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World War I Quotes

18 of the best book quotes about world war i
01
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“The War was over, except for some one like Mrs Foxcroft at the Embassy last night eating her heart out because that nice boy was killed and now the old Manor House must go to a cousin; or Lady Bexborough who opened a bazaar, they said, with the telegram in her hand, John, her favourite, killed; but it was over; thank Heaven – over.”
Virginia Woolf
author
Mrs. Dalloway
book
death
warfare
World War I
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02
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“Really it was a miracle thinking of the war, and thousands of poor chaps, with all their lives before them, shovelled together, already half forgotten; it was a miracle.”
Peter Walsh
character
03
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“Septimus was one of the first to volunteer. He went to France to save an England which consisted almost entirely of Shakespeare’s plays and Miss Isabel Pole in a green dress walking in a square. There in the trenches the change which Mr Brewer desired when he advised football was produced instantly; he developed manliness ...”
04
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“Prior to the conflict, Europe had enjoyed decades of relative peace and stability. This stability resulted from a series of mutual defense pacts that deterred nations from seeking military solutions to disagreements with their neighbors. Additionally, the experience of so many years of peace led to a citizenry across Europe that became naive about warfare.”
05
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“The war was undoubtedly the most profound and inescapable influence on writers in the 1920s. [...] Social, political, and aesthetic developments were percolating throughout the first part of the 20th century. In Paris, this influences coalesced in an environment that encouraged rather than stifled their growth. ”
06
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“The puritanical, conservative value system of America was stifling after the soldiers’ experience in Europe. At the same time, corruption at all levels of government was commonplace.”
07
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“Many nations were plagued with bankruptcy, inflation, and a flood of shell-shocked war veterans. A spell of innocence and calm had been broken - an indefinable something was lost, never to be recovered. Everyone struggled to make sense of the new world and, if possible, extract meaning from the violence of the war.”
08
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“The collection of expatriate artists who gathered in Paris following the Great War was a diverse group, representing various backgrounds, occupations, and nationalities.”
09
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“Young men who had fought for an uncertain cause had equally uncertain about their place in modern America. An exodus was, therefore, underway, led by artists and intellectuals in search of less restrictive intellectual climates.”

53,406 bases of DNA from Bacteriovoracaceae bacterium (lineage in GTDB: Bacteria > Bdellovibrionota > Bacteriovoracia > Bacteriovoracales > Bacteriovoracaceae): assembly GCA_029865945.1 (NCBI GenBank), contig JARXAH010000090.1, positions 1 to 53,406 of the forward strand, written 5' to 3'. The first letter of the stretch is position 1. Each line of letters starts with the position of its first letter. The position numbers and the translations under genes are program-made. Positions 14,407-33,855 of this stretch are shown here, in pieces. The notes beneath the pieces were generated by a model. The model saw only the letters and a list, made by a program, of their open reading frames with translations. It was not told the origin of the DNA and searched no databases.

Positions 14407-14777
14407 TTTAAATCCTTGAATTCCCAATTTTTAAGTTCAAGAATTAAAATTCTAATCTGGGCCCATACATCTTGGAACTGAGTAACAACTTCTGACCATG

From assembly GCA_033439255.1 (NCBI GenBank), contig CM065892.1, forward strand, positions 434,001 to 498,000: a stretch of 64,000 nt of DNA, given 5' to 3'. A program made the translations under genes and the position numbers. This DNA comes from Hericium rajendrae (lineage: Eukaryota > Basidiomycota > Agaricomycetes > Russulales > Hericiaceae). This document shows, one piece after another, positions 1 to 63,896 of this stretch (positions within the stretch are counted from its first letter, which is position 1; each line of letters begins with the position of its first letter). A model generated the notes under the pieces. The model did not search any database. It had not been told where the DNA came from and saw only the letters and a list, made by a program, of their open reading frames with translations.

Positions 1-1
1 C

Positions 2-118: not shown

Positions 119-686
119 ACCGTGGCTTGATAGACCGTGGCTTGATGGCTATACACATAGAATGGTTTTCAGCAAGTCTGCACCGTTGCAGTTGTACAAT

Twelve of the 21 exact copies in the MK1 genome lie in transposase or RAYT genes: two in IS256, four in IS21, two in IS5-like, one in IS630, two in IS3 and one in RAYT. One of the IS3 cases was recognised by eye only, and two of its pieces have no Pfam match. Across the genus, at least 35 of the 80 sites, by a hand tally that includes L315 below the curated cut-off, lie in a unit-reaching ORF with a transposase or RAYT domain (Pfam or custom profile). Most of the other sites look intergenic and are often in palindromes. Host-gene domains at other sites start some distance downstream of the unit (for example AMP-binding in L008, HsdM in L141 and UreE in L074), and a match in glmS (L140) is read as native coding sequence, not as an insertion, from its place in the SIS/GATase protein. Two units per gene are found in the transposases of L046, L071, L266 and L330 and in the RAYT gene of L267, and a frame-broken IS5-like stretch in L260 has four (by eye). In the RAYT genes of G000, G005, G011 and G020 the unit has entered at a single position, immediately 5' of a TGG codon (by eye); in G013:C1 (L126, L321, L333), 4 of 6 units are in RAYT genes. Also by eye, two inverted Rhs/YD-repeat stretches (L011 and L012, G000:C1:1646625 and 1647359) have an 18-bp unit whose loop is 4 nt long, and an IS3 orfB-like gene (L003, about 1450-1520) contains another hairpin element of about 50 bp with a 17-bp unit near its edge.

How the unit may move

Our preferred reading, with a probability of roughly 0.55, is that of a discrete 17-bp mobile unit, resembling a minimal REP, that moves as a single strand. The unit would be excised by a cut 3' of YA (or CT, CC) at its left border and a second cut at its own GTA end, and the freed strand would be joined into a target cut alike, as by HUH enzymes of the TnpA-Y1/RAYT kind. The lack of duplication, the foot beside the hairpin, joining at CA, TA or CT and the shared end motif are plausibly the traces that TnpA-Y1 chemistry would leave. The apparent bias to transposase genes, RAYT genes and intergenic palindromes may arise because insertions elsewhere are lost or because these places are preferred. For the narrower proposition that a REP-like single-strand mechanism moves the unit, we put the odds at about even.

10
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“In those days we did not trust anyone who had not been in the war.”
11
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“But when a guy comes along and says here come with me and risk your life and maybe die or be crippled why then you’ve got no rights. You haven’t even the right to say yes or no or I’ll think it over.”
12
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“He had seen the airplanes flying in the sky he had seen the skies of the future filled with them black with them and now he saw the horror beneath. He saw a world of lovers forever parted of dreams never consummated of plans that never turned into reality.”
13
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“Oh Kareen why do they have a war right now just when we find each other? Kareen we’ve got more important things than war.”
14
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“It was a hundred and twenty-five in the shade and there wasn’t any shade and he felt like he was smothering under a white hot blanket and all he could think was I’ve got to stop I’ve got to stop.”
15
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“He too had been taken away from his home. He too had been put into the service of another without his consent. He too had been sent to a foreign country far from his native parts. He too had been forced to fight against other slaves of his own kind in a strange place.”
16
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“He was all alone with his medal.”
17
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“He’d never had any particular ideas about America. He’d never been very patriotic. It was something you took without even thinking. But now it seemed to him . . . For the first time in his whole life he felt that it would be a little pleasant a little comforting to be in the hands of his own people.”
18
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“Somebody said let’s go out and fight for liberty and so they went and got killed without ever once thinking about liberty. And what kind of liberty were they fighting for anyway? How much liberty and whose idea of liberty?”

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